You may have heard your child talking about Minecraft at times but you have no idea what he means. So what is the big deal anyway? Do you really need to know what Minecraft is and how it works? Well, in case you are not aware… Microsoft had spent $2.5 billion to acquire the rights to the game which your child is probably playing, so it makes sense to pay attention.
This is what Minecraft is all about…
This is a video game created by the Mojang gaming studio and Minecraft is what is normally known as a sandbox game. That means that there are no real objectives or plots involved. Just like your toddlers play freely in a sandbox, your older children can pretty much make up their own rules in Minecraft. And it is all based on a building block format.
When the sun rises on a typical day in this virtual video game world, materials are dug up from the ground (you “mine” first, and then “craft” your creations in block form). Those blocks are then used to create just about any type of 3D object. Your child’s imagination and creativity are uniquely developed in a way that makes sense to him.
Kids have created literally everything, from complex working computers to simple villages, animals (like the one shown below) and houses. And there are plenty of different habitats and terrains to explore.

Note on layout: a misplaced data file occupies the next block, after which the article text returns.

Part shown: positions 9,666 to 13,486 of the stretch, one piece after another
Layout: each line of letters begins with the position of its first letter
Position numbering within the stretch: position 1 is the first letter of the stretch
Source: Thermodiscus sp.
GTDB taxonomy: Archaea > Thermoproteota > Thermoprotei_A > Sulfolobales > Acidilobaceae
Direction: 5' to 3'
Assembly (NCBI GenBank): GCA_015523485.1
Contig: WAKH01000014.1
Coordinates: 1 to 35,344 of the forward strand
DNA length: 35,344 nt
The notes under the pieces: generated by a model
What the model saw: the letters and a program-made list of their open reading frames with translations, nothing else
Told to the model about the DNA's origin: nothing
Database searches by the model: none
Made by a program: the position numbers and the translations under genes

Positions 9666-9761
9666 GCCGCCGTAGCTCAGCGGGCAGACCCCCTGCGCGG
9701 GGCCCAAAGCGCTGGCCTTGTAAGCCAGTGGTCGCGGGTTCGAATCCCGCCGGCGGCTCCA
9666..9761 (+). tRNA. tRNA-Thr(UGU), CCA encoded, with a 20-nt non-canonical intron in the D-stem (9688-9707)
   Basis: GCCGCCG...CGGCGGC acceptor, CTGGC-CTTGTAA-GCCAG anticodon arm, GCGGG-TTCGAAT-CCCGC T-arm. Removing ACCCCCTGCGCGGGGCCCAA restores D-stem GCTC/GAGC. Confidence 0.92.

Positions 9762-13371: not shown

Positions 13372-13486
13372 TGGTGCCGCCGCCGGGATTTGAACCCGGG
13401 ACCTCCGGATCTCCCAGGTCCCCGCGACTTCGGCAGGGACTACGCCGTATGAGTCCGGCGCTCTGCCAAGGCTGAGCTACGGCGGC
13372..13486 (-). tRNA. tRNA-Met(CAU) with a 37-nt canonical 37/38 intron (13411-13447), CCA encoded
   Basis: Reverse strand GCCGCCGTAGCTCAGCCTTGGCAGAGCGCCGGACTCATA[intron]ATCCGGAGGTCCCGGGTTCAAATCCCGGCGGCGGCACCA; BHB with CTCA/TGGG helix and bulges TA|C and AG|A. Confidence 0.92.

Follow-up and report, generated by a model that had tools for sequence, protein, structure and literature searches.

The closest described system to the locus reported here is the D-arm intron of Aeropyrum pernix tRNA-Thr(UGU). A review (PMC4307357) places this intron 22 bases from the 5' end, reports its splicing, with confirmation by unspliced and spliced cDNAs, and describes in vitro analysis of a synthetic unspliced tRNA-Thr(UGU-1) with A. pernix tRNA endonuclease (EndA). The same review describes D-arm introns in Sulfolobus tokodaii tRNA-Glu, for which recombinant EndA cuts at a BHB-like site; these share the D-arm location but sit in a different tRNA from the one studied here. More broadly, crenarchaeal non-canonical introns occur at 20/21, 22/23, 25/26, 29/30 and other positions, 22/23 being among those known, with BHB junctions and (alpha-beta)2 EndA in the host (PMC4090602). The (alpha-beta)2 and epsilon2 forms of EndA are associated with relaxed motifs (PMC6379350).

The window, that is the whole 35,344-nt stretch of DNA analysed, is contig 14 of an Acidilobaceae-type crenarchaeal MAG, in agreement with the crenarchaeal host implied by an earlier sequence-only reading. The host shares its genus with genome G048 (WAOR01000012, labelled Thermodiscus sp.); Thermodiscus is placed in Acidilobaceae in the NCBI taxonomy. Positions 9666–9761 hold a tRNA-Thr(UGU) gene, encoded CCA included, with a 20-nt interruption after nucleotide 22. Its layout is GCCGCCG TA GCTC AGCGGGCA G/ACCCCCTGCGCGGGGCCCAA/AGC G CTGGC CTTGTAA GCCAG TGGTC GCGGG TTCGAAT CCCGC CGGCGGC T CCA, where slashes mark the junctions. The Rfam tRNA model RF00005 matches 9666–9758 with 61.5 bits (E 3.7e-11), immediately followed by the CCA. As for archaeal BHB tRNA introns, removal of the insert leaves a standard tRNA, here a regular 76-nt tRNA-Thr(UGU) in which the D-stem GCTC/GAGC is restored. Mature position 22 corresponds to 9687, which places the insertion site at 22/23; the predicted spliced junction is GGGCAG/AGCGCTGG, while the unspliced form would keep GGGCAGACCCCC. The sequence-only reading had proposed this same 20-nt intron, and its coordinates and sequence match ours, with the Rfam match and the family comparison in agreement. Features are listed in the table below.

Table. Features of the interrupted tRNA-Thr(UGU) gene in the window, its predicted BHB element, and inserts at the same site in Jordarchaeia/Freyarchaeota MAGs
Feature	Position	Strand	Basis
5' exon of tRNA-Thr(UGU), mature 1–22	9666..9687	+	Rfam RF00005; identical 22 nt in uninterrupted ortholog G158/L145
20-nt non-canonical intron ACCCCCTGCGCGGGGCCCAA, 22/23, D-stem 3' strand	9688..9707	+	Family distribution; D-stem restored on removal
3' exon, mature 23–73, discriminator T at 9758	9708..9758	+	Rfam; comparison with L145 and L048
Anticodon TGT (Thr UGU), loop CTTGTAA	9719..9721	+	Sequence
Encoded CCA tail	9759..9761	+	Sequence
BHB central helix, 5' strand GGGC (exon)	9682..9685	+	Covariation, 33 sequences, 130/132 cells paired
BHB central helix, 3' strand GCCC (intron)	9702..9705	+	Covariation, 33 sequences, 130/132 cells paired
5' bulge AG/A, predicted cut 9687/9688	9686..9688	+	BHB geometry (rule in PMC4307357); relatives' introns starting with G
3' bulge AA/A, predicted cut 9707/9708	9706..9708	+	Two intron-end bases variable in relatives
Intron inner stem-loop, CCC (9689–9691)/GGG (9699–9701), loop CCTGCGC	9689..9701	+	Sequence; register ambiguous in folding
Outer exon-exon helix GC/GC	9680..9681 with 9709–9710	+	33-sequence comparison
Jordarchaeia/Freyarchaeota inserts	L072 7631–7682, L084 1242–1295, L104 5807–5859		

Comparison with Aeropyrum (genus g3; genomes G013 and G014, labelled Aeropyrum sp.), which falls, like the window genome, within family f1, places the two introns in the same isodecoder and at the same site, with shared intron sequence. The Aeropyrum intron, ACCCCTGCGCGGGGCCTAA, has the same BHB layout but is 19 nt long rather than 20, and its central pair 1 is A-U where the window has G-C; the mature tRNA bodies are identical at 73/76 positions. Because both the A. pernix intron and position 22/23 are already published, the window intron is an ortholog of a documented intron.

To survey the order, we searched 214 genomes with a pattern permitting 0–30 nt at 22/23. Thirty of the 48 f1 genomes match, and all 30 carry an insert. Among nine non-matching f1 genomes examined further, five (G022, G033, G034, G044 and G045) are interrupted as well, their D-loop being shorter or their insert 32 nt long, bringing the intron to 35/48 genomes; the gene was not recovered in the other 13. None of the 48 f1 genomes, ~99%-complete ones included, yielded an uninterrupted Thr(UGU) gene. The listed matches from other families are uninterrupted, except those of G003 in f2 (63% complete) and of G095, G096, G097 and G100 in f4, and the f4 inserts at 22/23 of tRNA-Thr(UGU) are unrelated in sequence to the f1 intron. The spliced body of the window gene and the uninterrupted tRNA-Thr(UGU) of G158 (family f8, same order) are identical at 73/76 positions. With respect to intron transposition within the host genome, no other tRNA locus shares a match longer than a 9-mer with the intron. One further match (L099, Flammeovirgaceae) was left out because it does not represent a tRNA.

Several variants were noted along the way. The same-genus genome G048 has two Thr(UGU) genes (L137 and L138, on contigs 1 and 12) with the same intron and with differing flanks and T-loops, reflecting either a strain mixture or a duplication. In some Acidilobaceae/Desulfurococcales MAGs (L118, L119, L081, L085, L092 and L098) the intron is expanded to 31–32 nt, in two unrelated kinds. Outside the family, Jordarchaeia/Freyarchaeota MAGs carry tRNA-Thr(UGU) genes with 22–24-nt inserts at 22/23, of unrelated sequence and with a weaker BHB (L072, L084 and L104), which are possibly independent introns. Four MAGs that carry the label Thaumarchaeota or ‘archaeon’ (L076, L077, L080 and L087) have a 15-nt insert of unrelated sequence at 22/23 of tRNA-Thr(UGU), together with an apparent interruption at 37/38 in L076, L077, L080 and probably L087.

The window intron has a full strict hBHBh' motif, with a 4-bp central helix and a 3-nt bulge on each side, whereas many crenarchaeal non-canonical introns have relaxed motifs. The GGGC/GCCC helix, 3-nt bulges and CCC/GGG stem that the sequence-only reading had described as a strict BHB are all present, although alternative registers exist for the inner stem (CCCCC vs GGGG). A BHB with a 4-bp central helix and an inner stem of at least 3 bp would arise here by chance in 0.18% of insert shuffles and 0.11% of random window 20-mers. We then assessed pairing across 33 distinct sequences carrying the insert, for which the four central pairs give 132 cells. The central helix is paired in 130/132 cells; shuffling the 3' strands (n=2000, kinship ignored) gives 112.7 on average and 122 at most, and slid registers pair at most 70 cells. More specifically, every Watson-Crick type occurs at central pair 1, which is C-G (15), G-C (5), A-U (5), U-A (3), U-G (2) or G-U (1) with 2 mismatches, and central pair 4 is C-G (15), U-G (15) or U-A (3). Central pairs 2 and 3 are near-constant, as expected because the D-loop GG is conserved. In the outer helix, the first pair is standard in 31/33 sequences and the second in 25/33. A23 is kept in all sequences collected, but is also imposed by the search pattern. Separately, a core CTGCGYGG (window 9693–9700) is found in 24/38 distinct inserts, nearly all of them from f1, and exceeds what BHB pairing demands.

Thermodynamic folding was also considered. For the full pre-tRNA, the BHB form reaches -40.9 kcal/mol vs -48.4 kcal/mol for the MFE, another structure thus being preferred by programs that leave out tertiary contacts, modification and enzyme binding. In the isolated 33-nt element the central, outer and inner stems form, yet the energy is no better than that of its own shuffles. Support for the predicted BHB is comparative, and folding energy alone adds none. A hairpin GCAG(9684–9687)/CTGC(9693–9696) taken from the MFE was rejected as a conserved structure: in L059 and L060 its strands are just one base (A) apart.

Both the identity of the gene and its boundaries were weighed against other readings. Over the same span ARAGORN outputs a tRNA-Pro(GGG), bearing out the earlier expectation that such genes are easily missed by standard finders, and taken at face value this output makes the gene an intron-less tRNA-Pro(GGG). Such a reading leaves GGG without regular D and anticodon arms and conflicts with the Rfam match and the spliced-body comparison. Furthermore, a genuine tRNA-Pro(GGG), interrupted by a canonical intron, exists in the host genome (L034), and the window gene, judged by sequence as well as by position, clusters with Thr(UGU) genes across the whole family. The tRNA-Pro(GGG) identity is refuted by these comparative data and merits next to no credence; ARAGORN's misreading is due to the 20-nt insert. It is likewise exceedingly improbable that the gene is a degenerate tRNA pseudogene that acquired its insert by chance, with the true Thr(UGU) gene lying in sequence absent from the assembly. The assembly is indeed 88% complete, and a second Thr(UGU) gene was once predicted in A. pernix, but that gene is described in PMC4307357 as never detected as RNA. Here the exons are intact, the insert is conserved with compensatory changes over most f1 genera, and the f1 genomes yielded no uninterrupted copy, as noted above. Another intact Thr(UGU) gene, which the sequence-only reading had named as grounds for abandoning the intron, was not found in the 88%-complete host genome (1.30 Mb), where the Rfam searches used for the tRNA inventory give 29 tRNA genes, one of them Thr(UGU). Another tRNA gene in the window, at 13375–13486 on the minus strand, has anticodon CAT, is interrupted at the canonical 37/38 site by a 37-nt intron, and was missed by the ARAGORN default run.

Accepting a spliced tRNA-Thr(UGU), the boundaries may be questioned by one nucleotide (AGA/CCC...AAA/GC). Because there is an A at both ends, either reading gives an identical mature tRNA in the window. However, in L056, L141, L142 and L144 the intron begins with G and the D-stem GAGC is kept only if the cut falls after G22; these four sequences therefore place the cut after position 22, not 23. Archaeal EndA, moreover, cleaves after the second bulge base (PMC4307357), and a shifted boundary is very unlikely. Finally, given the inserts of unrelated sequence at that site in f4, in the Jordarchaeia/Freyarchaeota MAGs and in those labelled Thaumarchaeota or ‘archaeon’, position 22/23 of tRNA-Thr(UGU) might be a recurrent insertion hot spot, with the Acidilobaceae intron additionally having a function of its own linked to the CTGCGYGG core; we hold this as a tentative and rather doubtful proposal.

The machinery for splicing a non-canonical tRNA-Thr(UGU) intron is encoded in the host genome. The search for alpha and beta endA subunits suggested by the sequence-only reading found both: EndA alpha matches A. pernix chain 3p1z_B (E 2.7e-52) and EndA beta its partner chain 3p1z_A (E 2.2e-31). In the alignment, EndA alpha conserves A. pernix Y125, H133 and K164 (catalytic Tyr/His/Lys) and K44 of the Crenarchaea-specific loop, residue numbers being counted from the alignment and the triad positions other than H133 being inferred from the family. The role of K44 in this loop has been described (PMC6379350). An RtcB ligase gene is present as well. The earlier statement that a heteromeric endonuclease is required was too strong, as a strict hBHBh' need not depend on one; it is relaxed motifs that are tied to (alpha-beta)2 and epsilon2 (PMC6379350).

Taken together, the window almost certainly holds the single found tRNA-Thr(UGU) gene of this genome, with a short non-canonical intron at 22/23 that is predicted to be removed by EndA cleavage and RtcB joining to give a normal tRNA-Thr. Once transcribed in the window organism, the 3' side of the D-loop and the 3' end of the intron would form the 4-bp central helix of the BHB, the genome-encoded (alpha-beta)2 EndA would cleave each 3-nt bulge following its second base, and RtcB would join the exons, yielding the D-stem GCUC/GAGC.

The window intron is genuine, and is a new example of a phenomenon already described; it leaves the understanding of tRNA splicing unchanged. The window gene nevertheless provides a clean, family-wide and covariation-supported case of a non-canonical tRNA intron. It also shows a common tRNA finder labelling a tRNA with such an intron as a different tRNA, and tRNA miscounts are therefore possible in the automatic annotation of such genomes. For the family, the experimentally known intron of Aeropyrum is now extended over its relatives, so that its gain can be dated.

Imagine LEGO blocks in digital form. That is probably the best description of Minecraft that there is. However, unlike the physical LEGO building blocks and the worlds you can create with them, Minecraft is populated by monsters that like to roam around at night, sometimes destroying your child’s handiwork. There is an actual LEGO set created that gives you a sense of it.
More than 50 million copies have been sold on PC, mobile and console platforms. Minecraft conventions for young and old alike have sprung up. A Minecraft Opera and movie deal are also in the works.
As a parent, it pays to know what games your child is playing because it can become a common talking and sharing point for both. The good news is that Minecraft has very little downside. It does not get your child as physically active as outdoor games, but it does spark your child’s mental development and sense of individuality. Kids can create literally anything they dream up, and this drives home the point to your children that they can achieve whatever they set their mind to.
The next time your child sits down for some Minecraft, ask them to explain it to you (even though you have some rough idea after reading this article) and get involved (build something if you like). There are plenty of adults that enjoyed the LEGO block building pastime when they were children, and now those same joys can be experienced with the Minecraft video game.